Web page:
Anti-Bullying Policy
What is Bullying?
Bullying is the use of aggression with the intention
of hurting another person. Bullying results in pain
and distress to the victim.
Bullying can be:
• Emotional being unfriendly, excluding (emotionally
and physically), sending hurtful text messages and
tormenting, (e.g. hiding football boots/shin guards,
threatening gestures)
• Physical pushing, kicking, hitting, punching or any
use of violence
• Racist racial taunts, graffiti, gestures
• Sexual unwanted physical contact or sexually
abusive comments
• Homophobic because of, or focussing on the
issue of sexuality
• Verbal name-calling, sarcasm, spreading
rumours, teasing
Why is it Important to Respond to Bullying?
Bullying hurts. No one deserves to be a victim of bullying.
Everybody has the right to be treated with respect.
Individuals who are bullying need to learn different ways
of behaving.
This club has a responsibility to respond promptly
and effectively to issues of bullying.
Objectives of this Policy
• All club members, coaches, officials and parents
should have an understanding of what bullying is
• All club members, officials and coaching staff should
know what the club policy is on bullying, and follow
it when bullying is reported
• All players and parents should know what the club
policy is on bullying, and what they should do if
bullying arises
• As a club we take bullying seriously. Players and
parents should be assured that they would be
supported when bullying is reported
• Bullying will not be tolerated
Signs and Indicators
A child may indicate by signs or behaviour that he or
she is being bullied. Adults should be aware of these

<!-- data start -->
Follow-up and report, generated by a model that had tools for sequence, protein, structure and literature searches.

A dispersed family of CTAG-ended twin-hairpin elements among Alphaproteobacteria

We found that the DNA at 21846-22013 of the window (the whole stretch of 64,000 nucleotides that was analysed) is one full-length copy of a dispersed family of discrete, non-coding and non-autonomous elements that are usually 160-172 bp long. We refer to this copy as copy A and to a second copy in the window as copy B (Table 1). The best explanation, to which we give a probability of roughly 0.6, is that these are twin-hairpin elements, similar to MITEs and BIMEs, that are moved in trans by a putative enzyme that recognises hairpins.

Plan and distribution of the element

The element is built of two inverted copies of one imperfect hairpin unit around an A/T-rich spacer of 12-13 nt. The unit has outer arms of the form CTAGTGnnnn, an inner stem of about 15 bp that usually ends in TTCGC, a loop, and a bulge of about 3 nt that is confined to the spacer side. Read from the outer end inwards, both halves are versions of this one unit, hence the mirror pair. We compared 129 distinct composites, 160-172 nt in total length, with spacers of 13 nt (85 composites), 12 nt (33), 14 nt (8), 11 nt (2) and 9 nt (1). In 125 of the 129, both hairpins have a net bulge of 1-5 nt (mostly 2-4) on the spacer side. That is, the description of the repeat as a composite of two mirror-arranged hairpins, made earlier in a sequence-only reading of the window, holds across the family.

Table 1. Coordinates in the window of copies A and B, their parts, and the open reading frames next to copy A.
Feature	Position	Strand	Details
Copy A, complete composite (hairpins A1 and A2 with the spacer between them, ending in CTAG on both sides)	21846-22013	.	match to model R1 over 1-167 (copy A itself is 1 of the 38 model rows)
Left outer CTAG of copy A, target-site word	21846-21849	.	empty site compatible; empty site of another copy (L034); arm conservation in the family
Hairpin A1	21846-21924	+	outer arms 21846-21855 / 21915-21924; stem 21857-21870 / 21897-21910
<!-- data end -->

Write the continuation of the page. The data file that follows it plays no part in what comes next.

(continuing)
possible signs and that they should investigate if a child:
• says he or she is being bullied
• is unwilling to go to club sessions
• becomes withdrawn anxious, or lacking in confidence
• feels ill before training sessions
• comes home with clothes torn or training
equipment damaged
• has possessions go “missing”
• asks for money or starts stealing money
(to pay the bully)
• has unexplained cuts or bruises
• is frightened to say what’s wrong
• gives improbable excuses for any of the above
In more extreme cases
• starts stammering
• cries themselves to sleep at night or has nightmares
• becomes aggressive, disruptive or unreasonable
• is bullying other children or siblings
• stops eating
• attempts or threatens suicide or runs away
These signs and behaviours may indicate other problems,
but bullying should be considered a possibility and
should be investigated.
Anti-Bullying Policy for Football Clubs
Let’s make football safe – not sorry
Recommended Guidelines
Statement of Intent
We are committed to providing a caring, friendly and
safe environment for all of our members so they can
participate in football in a relaxed and secure atmosphere.
Bullying of any kind is unacceptable at our club.
If bullying does occur, all club members or parents
should be able to tell and know that incidents will be
dealt with promptly and effectively. We are a TELLING
club. This means that anyone who knows that bullying
is happening is expected to tell the club welfare officer
or any committee member. Let’s make football safe – not sorry
Anti-Bullying Policy for Football Clubs
1. Report bullying incidents to the Club Welfare Officer
or a member of the clubs committee or contact the
County FA Welfare Officer.
2. In cases of serious bullying, the incidents will be